6. We may now examine the evidence adduced in this case in the light of the principles, enumerated above. The respondent examined eleven witnesses in the case including himself to prove that the land in question had a very fine situation, it being located on the two important cross roads at Dabra. One of these roads is the Gwalior Jhansi Road and the other is the Dabra Road connecting the other road. It has been also established that immediately in the vicinity of the land acquired, there are constructed buildings, the maternity-home, the bus-stand and some other residential houses are also situated in the vicinity of the land.
7. The respondent proved the following sale deeds by his witnesses. The execution of these sale deeds has not been disputed. These sale deeds have been discussed by the lower Court in paragraph 8 of the order as under :
Name of the witness
Sale deed No.
Sale dead date.
Rate per sq. ft.
(Dayashankar to Pannalal) proved by Harikishan (Pw 5) & Ramgir (Pw 6.)
32 x 120
(Onkarlal Bansidhar to Seumal proved by Durgadas (Pw 9.)
Ex P. 8. A
42 x 79
(Chhunni Lauhar to Bindravan Ramsewak proved by Ramgir(Pw 6) and Chhunnilal (Pw 7.)
Ex A-3 & A4
30 x 68
(Prabhudayal Shrigovind to Rampyari) proved by Ramnath (Pw.2)and Radhakishan (Pw 3)
92 x 30
(Ramgir to Chunnilal) proved by Vanbihari (Pw 1) and RamdasGupta (Pw 4)
100 x 20
8. When the location of the lands covered by these sale deeds is compared with the lands acquired it becomes clear that the land covered by the sale deed dated 10-2-1949 (Ex. A-1) is just on the opposite side of one of the acquired fields survey No. 661. Under the sale deed (Ex. A-1), 2000 sq. ft. of land was sold for Rs. 2.000. This works out at the rate of Re. 1 per square foot. Survey No. 660 which is the other survey number acquired is in close vicinity of survey No. 658 which was sold under Ex. A. 5 at the rate of annas nine per square foot, on 18-2 1954. The sale deed (Ex P.-8) is the nearest in point of time to the dale of notification under Section 4 of the Act. Under it 3318 sq. ft, of land was sold on 13-2 1951 at the rate of annas nine per square foot The land covered by the sale deed (Ex. A-3) is situated beyond the land covered by the sale deed (Ex A-1). It was sold on 10-2-1949 at the rale of Rs. 1-3-0 per sq. ft. We will omit from consideration the sale deed (Ex. A-2) because under it, the land was sold about 51/2 years after the date of acquisition.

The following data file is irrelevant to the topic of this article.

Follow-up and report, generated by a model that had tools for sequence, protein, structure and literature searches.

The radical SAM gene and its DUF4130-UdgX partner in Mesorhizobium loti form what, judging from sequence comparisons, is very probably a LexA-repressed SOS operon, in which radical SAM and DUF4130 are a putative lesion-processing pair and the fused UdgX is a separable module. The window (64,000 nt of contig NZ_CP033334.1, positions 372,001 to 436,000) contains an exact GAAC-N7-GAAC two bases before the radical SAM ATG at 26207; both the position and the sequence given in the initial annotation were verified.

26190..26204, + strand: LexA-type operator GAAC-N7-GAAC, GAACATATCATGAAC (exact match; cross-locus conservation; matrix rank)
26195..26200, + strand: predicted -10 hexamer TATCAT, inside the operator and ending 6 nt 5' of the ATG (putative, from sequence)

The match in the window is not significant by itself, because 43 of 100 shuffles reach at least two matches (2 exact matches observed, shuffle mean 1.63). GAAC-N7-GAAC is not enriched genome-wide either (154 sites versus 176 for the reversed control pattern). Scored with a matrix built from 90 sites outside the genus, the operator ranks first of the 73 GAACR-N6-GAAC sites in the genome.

This discussion makes it amply clear that the learned Additional District Judge has not allowed the very same price as compensation to the respondent as was obtained on the sale of smaller lands Survey No. 661. from the view-point of advantages it has, compares more favourably with the land covered by the safe deed (Ex A-1) but the price in the present case has been allowed only at half the rate that was obtained on sale deed (Ex. A-5) enjoys very small front of one road. The price that was obtained was nine annas per square fool though the sale deed was made about 2 years after the date of acquisition. It is pertinent to note that on behalf of the State, absolutely no evidence has been led in rebuttal although this Court by its order dated September 14, 1959, had specifically observed 'From the passage quoted above it would appeal that in proper circumstances both the owner whose land is being acquired and also the Government who acquires the land can lead evidence in support of their respective claims before the District Judge' and the case was sent hack to the District Judge with a direction to record evidence of the respondent who was appellant in that case and also to give an opportunity to the Collector to give evidence, if any in support of his award. The appreciation of the evidence made by the learned Additional District Judge does not appeal to be faulty of unreasonable The learned Additional District Judge does not appear to have exercised his discretion capriciously in making an sort (Sic) award in favour of the respondent. If the appellant did not choose to adduce any evidence in spite of the opportunity being afforded by the High Court, it has to thank itself. There is no precise rule on the basis of which it could be said that the value of any plot of larger size would vary in a particular proportion to the value of a plot of smaller size. We, therefore, agreeing with the view of the learned Judge of the lower Court hold that the respondent was entitled to gel compensation at the rate of 0-8-0 per square fool We further hold that he was also entitled to get 15 per cent compensation on account of compulsory nature of the acquisition of the land in this case.